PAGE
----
To the editor: When the Supreme Court handed down its Hobby Lobby decision, I was glad — glad because it would be the start of our country realizing how insane it is to link business and healthcare. ("The Hobby Lobby case proves the necessity of single-payer healthcare," July 1)
I know that offering medical care to workers began as a perk, but having started something is no reason to carry on with an insane system that has made our medical care outrageously and unnecessarily expensive.
Medical care must be made affordable to all, without having businesses get in the way. Our current system is outrageous and makes a mockery of our belief that we are a country not founded on religious demands. We should be a country that takes care of its sick and needy whoever they are and whatever they believe.
Shirley Sacks, Beverly Hills
To the editor: The Supreme Court upheld a challenge to part of the Affordable Care Act that applies to a tiny percentage of the population — employed women who cannot afford one of three abortifacients and who are working for small corporations owned by religious people.
Compared to the enormous waivers and extensions granted by the administration, this is nothing. But for Michael Hiltzik, it shows the system has been so shattered that it is time to dump it and adopt a single-payer scheme similar to Canada's, Britain's and France's.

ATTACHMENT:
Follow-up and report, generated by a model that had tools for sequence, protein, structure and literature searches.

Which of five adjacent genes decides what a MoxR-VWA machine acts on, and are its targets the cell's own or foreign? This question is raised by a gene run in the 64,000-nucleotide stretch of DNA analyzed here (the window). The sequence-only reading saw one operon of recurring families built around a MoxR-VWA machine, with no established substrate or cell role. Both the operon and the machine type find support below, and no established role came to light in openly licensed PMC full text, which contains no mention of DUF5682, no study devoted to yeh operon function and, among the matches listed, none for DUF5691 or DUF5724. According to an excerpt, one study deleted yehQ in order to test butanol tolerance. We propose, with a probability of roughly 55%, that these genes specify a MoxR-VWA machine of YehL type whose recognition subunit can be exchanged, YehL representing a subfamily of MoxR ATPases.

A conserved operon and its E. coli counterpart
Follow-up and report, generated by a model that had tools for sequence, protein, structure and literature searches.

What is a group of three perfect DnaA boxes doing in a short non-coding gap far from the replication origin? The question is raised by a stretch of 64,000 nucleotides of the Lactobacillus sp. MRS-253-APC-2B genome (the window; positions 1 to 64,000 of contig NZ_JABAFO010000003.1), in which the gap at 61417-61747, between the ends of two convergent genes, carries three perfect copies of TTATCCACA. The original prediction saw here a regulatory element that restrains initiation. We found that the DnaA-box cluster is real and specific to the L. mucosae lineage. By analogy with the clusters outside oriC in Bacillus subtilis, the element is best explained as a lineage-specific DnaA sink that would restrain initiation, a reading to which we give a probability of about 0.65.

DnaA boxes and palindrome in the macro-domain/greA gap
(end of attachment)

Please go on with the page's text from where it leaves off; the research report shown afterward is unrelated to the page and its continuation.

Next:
But none of those countries has a true single-payer system, as they all have insurance and private doctors for those who want more than the minimum that the government doles out. They call it "going private," an option of full treatment limited to the rich.
David Goodwin, Los Angeles
To the editor: I agree with Hiltzik that a single-payer system would eliminate the myriad legal and financial loopholes, inconsistencies and confusions of the Affordable Care Act. I hope his vital media voice will correct public misinformation and misunderstandings of "Medicare for all."
A single-payer system is not government-managed or government-controlled healthcare. It is not a government-funded entitlement but rather a taxpayer-funded benefit that aging workers have earned.
It is true that children and teens would be part of a single-payer system before contributing money to it. However, most youth will not incur high medical expenses, and if all adults invest some tax dollars into the system instead of private insurance, there should be enough care to go around.
I hope enlightened journalists and commentators find effective, descriptive words to convert public fear to awareness, and to a willingness to urge their legislators to enact reforms.
Susan Braig, Altadena
To the editor: A single-payer system would be a significant advance from what we have now. The partisan divisions created in the wake of the Hobby Lobby decision have pitted employers against employees.
To avoid partisan rifts under a single-payer approach, I prefer the idea suggested by Ezra Klein of a health review board patterned after Maryland's Health Services Cost Review Commission: A governor appoints volunteer commissioners to lengthy terms, and their decisions cannot be overruled by elected officials.
No matter what system we create, as a woman, I do not wish to subordinate my constitutional access to full reproductive healthcare to the whims of party politics.